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John Keats' Medical NotebookText, Context, and Poems$
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Hrileena Ghosh

Print publication date: 2020

Print ISBN-13: 9781789620610

Published to Liverpool Scholarship Online: September 2020

DOI: 10.3828/liverpool/9781789620610.001.0001

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John Keats at Guy’s Scholar and Poet

John Keats at Guy’s Scholar and Poet

Chapter:
(p.173) Chapter Four John Keats at Guy’s Scholar and Poet
Source:
John Keats' Medical Notebook
Author(s):

Hrileena Ghosh

Publisher:
Liverpool University Press
DOI:10.3828/liverpool/9781789620610.003.0006

The fourth chapter opens with a detailed textual comparison, including statistical analysis of lexicography, between Keats’ medical notes and those kept by his fellow-student Joshua Waddington. These prove that the two sets of notes derived from the same source and reveal that although Keats has essentially the same information as Waddington, his habits of concision, reorganization and cross-referencing mean that they are presented in a different – indeed, distinctive – form. The chapter finds that some characteristic features of Keats’ mature poetry are prefigured in his medical notes: striking imagery, verbal rhythms and verbal compression are all typical of Keats’ medical thought. Close readings of some of Keats’ most accomplished poems, including ‘Ode to a Nightingale’ and Hyperion, reveal the medical underpinning for much of his greatest poetry, in content, vocabulary, and style.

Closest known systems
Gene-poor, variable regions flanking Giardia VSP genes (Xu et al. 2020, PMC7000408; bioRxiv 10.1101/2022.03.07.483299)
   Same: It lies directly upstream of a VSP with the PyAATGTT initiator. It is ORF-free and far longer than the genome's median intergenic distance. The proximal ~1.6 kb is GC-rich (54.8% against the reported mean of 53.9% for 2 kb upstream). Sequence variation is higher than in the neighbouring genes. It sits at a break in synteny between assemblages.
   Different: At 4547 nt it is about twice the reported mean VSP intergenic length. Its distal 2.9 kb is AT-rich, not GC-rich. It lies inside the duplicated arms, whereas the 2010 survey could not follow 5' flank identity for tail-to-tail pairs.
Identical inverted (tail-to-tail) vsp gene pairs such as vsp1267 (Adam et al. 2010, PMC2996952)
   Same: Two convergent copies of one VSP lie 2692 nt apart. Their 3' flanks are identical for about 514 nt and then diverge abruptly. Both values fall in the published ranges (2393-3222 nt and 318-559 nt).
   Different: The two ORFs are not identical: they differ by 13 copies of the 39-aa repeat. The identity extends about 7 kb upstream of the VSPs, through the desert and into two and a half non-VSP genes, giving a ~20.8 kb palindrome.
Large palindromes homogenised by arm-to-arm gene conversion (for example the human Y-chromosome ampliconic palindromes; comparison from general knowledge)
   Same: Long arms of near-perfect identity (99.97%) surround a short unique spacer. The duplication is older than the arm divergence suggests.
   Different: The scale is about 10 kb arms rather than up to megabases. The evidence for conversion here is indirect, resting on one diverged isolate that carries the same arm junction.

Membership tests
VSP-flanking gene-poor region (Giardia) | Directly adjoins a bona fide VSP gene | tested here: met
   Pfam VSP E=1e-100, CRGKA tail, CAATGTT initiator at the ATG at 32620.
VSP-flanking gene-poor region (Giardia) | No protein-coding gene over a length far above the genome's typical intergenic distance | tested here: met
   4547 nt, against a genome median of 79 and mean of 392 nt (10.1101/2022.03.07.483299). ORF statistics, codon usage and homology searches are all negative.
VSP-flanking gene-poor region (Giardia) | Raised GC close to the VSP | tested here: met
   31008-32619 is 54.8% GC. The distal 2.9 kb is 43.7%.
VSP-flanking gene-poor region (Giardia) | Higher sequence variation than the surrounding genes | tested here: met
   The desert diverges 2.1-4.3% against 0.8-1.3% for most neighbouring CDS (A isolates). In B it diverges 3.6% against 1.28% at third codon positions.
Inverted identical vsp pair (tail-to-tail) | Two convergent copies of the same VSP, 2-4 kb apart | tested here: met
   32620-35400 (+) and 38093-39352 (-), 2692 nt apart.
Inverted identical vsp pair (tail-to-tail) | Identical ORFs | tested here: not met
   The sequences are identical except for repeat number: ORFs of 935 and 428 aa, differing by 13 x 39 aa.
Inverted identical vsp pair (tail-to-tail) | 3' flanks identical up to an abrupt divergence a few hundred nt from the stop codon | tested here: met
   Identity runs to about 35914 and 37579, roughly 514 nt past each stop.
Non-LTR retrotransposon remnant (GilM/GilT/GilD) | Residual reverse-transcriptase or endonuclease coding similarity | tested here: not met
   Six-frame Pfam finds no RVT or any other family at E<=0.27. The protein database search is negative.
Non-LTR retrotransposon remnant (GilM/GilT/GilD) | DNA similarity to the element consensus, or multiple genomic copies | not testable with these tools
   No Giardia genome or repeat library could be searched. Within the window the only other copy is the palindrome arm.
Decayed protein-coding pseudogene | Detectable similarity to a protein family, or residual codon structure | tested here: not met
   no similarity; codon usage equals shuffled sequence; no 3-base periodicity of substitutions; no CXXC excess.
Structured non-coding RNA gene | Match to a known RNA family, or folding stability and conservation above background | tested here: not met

Keywords:   comparison, Joshua Waddington, concision, reorganization, compression, Ode to a Nightingale, Hyperion, close reading

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